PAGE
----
(Bloomberg) -- What should you do when the air outside contains dangerous levels of pollution? Stay indoors if you can. Buy an air purifier. Wear a mask to travel. It’s a list of precautions familiar to people in cities like Delhi, Beijing and San Francisco, where air pollution or seasonal wildfire smoke are the norm. It’s a list newly familiar to millions more people across North America, whose skies filled this week with dangerous smoke drifting from fires in Canada. It’s a list that will become more familiar every year, as climate change drives up wildfire frequency and intensity. 

But how should you feel when the air outside contains dangerous levels of pollution? Or your community is flooding? Or drought is ravaging crops? There’s a list for that, too. Grief. Terror. Rage. Guilt. Shame. Helplessness. Any and all of those reactions are understandable and worth sitting in, says Margaret Klein Salamon, a clinical psychologist by training and executive director of the Climate Emergency Fund, which funds disruptive climate activism. Salamon, author of Facing the Climate Emergency, is based in Brooklyn; she spoke to Bloomberg Green on Friday, as the skies over New York City started to clear. 

What sort of reactions were you seeing from people as they experienced the sky turn orange and the bad air?

I think, like in most climate disasters, they stayed pretty focused on what was immediately unfolding. As far as I’ve seen, though it’s not a huge sample size, they have not yet started to think: What about the next one? What’s coming down the pike?

What do you think it takes to get people to the point where they are actually anxious, scared or just feeling more?

I mean, that is certainly the million-dollar question. Because this kind of event should, by all rights, trigger a kind of Pearl Harbor-type response. The country was bitterly divided over going to war, with the most popular view being isolationist. After that attack, it became abundantly clear that it wasn’t a choice — of course, they don’t want to go to war but we had to. This is the kind of reaction we need politically.

What are the sorts of things people can and are feeling about climate change, and how can they start to process that?

The first thing is to recognize that what you’re feeling is healthy, and that feeling takes courage, and that as you go on this process, it’s critical to treat yourself with self-compassion. The situation is so extreme that the feelings will also be extreme.

The second thing: It’s really critical not to be alone with your climate anxiety, terror, grief. The number one feeling that people report to me when I ask, ‘How do you feel about the climate emergency?’… They say, ‘I feel so alone, no one understands how bad it is. My friends don’t understand. My family doesn’t understand.’ They feel alienated and separate from other people because of this knowledge and emotional experience that they have. What’s so ironic about that is that we all share the same atmosphere — this is happening to all of us. So, by all rights, it should be an experience that fosters emotional connection rather than separation and it can, if you talk to people about your feelings.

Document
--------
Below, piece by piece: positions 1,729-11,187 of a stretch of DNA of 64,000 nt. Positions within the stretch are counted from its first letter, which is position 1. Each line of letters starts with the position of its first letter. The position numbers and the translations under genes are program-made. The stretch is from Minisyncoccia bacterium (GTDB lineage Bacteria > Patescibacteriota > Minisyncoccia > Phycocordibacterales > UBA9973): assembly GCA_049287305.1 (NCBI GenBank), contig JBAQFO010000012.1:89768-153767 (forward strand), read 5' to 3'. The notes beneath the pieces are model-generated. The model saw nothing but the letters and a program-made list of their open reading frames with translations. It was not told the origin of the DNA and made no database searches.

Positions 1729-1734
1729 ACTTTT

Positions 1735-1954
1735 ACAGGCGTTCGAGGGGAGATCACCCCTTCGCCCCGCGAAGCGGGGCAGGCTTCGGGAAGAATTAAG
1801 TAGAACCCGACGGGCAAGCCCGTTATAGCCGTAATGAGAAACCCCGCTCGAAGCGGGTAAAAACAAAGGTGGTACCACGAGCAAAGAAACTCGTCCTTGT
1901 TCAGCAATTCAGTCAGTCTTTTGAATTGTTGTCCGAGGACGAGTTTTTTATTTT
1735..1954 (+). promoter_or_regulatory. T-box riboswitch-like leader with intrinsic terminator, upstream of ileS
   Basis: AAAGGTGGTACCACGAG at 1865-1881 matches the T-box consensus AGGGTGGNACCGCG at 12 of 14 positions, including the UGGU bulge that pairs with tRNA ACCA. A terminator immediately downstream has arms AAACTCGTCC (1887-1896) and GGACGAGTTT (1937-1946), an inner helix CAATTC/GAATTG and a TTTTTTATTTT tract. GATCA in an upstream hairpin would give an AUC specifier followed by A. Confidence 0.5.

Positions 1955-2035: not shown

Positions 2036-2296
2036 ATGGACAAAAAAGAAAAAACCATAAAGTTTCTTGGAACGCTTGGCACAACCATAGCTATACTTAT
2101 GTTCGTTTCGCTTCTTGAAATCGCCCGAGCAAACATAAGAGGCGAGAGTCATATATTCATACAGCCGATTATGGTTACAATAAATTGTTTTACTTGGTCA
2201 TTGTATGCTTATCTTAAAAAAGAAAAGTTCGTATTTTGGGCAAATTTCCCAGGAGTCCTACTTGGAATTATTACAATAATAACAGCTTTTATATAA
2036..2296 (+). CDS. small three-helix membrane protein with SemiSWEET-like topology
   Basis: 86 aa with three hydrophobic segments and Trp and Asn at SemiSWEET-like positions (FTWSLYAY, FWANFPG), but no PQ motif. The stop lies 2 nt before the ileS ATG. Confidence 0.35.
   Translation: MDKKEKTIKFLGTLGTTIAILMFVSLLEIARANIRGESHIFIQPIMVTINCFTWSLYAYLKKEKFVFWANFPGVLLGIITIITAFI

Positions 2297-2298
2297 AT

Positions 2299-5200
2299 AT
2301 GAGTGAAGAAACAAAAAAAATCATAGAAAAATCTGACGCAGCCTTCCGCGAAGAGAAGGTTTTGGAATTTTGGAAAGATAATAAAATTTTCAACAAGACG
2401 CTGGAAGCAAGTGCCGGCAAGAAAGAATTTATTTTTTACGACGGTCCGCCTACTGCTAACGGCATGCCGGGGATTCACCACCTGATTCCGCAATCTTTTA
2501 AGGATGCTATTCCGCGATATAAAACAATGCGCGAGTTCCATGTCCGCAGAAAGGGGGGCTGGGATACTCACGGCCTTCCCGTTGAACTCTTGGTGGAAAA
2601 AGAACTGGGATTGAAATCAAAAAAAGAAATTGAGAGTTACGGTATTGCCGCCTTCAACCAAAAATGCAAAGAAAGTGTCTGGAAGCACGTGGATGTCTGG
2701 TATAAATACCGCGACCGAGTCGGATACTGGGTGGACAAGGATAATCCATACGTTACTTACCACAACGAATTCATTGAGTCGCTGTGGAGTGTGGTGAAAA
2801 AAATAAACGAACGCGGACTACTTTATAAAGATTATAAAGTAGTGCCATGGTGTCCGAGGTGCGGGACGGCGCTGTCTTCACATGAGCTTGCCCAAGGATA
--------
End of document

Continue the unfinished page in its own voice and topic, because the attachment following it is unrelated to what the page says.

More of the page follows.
Why do you think it is so hard to just start talking about these feelings and the crisis in general?

It’s emotionally overwhelming and it’s difficult socially. When I talk to people about the scale of the climate emergency and what’s at stake — that crops are failing and states are going to fail and civilizations are going to fail — I always feel guilty, among other feelings, because it’s like being the bearer of such horrible news.

The Yale Program on Climate Communications talks about the spiral of silence, meaning people don’t talk about climate because people don’t talk about climate. The fact that people aren’t talking about it makes it seem like they’re not worried about it. Well, they’re acting normal, so it must be fine. The implication is: Just by leading your normal life, you are actually contributing to mass climate denial because people are looking at you and seeing that you think things are normal. 

The climate activists are a critical part of how to reverse this spiral of silence and make it into people yelling about climate change from the rooftops all the time. The activists are not acting normal. They’re getting arrested 10 times and throwing soup on paintings and the extremity of their actions is also a demonstration of the depth of their feeling and fear, so it’s enacting. 

I want to talk about grief, climate grief. Can you define what that is? What are different stages of climate grief and why it’s important to go through the grieving process.

Grieving is how we acknowledge and mourn our losses and adapt to new realities. If we don’t grieve, we don't get to that stage. Grief is central as a key part of the human condition and it’s a very important process to go through. With climate grief, there’s so many losses. It’s overwhelming. But I think the most personal and effecting element of climate grief is to grieve the future you thought you had. 

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